BENGALURU: One would know Saeed Akhtar Mirza from his acclaimed works like Albert Pinto Ko Gussa Kyoon Aata Hai (1980), Mohan Joshi Hazir Ho (1984) and Nukkad (1986). But it was after Naseem (1995) that the director and screenwriter bid farewell to films. Naseem heavily revolved around events surrounding the demolition of Babri Masjid in 1992 and won the national award for best direction. On February 21, Mirza delivered a masterclass, which saw a reminiscence of his works at the Bangalore International Centre.
Mirza emphasised on Naseem as a turning point in his career. “When you see a moment which you know is historical and then you realise that one is a citizen of this country, the element of faith that you have is put to an incredible test. The events of 1992 to me was like the end of an era. I turned more reflective and started travelling across India on road in order to regain faith. I would spend time with people and that’s when you realise what this country is really all about.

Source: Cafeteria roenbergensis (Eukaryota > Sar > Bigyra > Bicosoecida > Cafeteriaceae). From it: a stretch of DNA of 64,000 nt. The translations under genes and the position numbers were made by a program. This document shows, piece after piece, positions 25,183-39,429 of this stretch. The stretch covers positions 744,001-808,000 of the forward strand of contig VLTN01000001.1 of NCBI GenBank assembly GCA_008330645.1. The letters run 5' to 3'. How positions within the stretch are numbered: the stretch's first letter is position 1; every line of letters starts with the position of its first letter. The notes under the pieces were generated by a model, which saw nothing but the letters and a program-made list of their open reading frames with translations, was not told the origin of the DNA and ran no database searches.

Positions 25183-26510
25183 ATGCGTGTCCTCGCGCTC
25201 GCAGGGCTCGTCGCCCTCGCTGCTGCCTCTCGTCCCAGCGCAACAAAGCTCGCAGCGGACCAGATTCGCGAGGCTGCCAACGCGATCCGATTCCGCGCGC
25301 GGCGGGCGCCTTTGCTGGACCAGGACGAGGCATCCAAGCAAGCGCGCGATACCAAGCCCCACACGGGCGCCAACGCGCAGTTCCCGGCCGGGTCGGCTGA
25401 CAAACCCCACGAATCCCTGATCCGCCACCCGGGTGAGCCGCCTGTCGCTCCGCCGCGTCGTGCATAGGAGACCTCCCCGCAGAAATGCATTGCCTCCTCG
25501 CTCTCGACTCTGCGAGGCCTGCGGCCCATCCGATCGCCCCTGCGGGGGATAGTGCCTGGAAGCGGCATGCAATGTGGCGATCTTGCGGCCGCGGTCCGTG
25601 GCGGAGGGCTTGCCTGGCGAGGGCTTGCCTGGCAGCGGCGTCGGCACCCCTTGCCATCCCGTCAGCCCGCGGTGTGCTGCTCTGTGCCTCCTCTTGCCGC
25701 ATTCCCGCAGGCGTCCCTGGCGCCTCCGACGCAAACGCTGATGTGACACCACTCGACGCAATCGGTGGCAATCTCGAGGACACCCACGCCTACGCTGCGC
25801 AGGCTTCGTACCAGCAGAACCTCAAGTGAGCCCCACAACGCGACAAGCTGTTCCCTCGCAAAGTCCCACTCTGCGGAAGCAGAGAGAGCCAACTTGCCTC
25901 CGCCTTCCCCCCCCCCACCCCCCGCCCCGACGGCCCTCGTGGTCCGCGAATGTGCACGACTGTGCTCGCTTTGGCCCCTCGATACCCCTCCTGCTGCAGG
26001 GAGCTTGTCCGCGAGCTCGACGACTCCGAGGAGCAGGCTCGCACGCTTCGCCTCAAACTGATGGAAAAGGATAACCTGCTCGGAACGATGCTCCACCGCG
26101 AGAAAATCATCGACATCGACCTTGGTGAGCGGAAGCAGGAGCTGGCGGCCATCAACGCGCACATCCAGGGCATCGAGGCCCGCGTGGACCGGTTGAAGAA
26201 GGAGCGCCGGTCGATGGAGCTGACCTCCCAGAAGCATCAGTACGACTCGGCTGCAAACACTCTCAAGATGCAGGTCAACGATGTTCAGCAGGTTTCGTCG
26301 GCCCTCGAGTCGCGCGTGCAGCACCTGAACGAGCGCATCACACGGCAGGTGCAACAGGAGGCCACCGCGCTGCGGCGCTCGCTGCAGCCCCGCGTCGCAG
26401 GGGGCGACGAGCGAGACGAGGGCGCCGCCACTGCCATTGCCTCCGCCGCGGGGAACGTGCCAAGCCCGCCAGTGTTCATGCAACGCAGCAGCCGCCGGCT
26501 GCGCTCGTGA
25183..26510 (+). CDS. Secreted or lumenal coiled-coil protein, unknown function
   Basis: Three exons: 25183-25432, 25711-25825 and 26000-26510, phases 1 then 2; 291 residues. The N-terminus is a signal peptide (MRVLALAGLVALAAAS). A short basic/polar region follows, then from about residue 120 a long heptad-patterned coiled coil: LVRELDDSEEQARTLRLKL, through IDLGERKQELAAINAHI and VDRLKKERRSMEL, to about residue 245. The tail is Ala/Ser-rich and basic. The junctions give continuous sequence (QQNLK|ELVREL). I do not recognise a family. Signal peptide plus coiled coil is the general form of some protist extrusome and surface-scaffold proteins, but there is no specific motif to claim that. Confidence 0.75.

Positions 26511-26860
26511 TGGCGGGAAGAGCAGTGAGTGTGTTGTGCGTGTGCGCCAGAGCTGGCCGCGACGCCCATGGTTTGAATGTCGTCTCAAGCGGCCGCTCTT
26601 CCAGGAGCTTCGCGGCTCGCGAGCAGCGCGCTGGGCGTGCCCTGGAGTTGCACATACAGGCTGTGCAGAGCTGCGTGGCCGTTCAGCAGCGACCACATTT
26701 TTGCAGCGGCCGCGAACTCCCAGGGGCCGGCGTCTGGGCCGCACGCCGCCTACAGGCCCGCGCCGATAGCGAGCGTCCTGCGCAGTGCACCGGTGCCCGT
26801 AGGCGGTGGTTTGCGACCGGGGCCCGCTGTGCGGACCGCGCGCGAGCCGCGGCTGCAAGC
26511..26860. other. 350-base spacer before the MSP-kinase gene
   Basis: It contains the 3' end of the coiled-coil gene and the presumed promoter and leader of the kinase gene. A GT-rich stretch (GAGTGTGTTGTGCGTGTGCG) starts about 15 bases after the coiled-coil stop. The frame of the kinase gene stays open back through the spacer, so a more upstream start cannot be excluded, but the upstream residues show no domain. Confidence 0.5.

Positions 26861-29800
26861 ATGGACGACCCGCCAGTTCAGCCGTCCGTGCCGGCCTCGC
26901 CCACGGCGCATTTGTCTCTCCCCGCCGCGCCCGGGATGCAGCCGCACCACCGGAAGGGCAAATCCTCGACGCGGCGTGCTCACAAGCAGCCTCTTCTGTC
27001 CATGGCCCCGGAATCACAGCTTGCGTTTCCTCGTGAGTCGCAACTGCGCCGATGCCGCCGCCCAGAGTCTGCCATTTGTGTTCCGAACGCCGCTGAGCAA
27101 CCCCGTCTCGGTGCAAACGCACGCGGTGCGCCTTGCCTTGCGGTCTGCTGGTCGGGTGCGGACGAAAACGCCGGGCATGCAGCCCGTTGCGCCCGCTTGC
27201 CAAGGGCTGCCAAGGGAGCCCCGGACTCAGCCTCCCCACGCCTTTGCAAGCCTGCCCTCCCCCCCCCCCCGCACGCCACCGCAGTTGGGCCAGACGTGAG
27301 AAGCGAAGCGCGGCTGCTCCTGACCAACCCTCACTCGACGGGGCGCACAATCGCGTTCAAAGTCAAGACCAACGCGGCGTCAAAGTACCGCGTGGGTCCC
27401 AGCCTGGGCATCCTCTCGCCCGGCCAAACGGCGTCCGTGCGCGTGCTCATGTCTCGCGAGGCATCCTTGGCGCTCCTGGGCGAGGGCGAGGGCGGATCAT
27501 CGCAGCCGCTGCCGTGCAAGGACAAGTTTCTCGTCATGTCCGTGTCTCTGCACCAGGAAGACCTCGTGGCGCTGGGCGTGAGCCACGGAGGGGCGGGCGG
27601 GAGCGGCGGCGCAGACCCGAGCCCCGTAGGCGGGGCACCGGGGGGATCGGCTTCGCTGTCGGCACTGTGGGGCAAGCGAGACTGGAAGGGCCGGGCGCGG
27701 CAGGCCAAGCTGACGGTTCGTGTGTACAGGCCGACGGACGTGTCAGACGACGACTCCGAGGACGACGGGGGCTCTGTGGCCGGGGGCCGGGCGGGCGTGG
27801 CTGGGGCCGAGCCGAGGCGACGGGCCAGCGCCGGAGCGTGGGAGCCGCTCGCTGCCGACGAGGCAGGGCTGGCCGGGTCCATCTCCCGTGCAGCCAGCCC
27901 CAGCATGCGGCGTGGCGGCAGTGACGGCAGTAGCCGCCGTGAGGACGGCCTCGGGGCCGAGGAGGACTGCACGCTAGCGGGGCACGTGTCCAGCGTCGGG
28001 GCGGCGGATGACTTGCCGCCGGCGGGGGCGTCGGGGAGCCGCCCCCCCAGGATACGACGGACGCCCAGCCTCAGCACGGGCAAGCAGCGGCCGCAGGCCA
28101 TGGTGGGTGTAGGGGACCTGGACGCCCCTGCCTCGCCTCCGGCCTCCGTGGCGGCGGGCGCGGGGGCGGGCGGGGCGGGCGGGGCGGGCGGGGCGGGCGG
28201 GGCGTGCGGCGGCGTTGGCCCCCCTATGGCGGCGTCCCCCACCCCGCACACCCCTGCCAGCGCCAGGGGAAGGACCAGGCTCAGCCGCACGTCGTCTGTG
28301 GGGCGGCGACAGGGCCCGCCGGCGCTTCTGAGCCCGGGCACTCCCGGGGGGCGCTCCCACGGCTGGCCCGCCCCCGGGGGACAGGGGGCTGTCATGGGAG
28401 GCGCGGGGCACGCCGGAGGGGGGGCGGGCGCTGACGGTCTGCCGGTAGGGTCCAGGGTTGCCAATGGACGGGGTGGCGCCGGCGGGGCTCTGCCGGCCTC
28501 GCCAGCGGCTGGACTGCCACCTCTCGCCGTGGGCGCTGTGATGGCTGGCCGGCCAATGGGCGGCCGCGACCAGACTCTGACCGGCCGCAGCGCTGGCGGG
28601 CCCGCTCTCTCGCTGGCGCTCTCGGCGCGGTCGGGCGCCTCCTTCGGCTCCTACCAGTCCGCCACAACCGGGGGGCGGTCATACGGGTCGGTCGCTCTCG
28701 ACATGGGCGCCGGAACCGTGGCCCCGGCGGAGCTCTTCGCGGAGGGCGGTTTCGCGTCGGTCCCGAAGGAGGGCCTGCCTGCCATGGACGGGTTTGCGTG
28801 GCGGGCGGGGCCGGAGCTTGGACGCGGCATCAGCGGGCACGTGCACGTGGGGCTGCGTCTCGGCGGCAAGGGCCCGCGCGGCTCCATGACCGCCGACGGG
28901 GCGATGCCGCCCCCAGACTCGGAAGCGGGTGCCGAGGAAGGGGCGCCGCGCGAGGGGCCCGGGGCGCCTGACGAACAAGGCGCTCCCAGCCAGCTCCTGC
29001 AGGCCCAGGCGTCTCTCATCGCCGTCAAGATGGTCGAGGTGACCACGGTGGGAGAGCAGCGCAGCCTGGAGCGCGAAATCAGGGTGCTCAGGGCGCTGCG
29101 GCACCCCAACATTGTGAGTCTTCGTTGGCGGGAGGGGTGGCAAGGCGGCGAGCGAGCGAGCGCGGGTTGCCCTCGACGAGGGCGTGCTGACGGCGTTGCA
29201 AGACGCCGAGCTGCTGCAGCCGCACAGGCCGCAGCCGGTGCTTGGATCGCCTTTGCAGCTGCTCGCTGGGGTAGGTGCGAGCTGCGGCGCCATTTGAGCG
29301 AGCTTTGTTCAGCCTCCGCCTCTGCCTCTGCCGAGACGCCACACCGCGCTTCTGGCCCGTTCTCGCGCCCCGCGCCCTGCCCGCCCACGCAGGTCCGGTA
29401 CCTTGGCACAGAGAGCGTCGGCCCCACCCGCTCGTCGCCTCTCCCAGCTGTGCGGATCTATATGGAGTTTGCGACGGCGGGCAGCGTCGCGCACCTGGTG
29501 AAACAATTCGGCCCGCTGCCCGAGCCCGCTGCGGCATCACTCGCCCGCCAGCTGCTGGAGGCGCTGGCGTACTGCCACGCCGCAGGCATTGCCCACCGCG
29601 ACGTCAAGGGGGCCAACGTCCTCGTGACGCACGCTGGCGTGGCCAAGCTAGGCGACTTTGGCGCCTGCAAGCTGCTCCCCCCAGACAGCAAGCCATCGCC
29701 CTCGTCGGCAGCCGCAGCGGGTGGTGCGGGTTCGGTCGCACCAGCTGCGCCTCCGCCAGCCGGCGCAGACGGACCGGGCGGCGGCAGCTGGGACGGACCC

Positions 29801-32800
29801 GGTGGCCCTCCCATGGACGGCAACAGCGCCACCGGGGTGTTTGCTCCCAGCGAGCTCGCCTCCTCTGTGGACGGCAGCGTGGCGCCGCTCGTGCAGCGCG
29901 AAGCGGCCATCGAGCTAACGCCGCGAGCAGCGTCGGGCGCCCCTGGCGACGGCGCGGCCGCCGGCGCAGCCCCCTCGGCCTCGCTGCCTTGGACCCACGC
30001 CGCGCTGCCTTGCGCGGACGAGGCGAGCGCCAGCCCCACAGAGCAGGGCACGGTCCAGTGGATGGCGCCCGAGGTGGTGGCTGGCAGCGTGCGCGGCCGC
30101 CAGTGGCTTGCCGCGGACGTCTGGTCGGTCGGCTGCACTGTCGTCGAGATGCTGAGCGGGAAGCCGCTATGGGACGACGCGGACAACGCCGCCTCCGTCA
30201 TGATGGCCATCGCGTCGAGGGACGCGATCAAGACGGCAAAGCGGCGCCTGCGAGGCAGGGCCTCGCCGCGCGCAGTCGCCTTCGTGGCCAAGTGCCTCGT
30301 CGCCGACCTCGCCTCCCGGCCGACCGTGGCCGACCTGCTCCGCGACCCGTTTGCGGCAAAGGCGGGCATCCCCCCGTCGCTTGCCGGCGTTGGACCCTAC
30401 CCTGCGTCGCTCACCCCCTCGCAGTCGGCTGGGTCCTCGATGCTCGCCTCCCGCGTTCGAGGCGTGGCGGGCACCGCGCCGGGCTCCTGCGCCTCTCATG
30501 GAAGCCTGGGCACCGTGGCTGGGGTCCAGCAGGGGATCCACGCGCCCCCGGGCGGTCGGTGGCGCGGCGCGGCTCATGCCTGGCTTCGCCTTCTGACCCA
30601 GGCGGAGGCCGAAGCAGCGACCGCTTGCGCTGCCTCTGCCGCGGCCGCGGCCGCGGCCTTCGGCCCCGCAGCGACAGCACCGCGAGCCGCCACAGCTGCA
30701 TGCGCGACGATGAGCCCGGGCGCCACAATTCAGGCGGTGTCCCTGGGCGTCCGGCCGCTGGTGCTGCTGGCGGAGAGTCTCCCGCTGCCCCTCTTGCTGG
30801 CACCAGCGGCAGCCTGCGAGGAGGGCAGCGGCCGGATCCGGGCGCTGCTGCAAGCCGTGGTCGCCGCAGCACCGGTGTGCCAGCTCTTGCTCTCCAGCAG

You regain faith when you meet ordinary people because they are generous and forgiving,” he said. He went on to document his travels which spanned for over five months and 55,000 km, covering people and understanding their perspective of what independence meant to them – the documentary was titled A Tryst with the People of India. Speaking about his upcoming projects, Mirza said he is working on his fourth book which he looks to release in the near future and is actively involved in workshops with the Sambhavna Trust. Ask him on whether a return to films is a possibility, and he rules it out, adding, “Films require physical energy, mentally I’m there but one has to be up and about. I’m happy with writing as I can cover vast streams of consciousness than a film. One can gather their lives only through a book, films are stuck at the idea of a narrative.”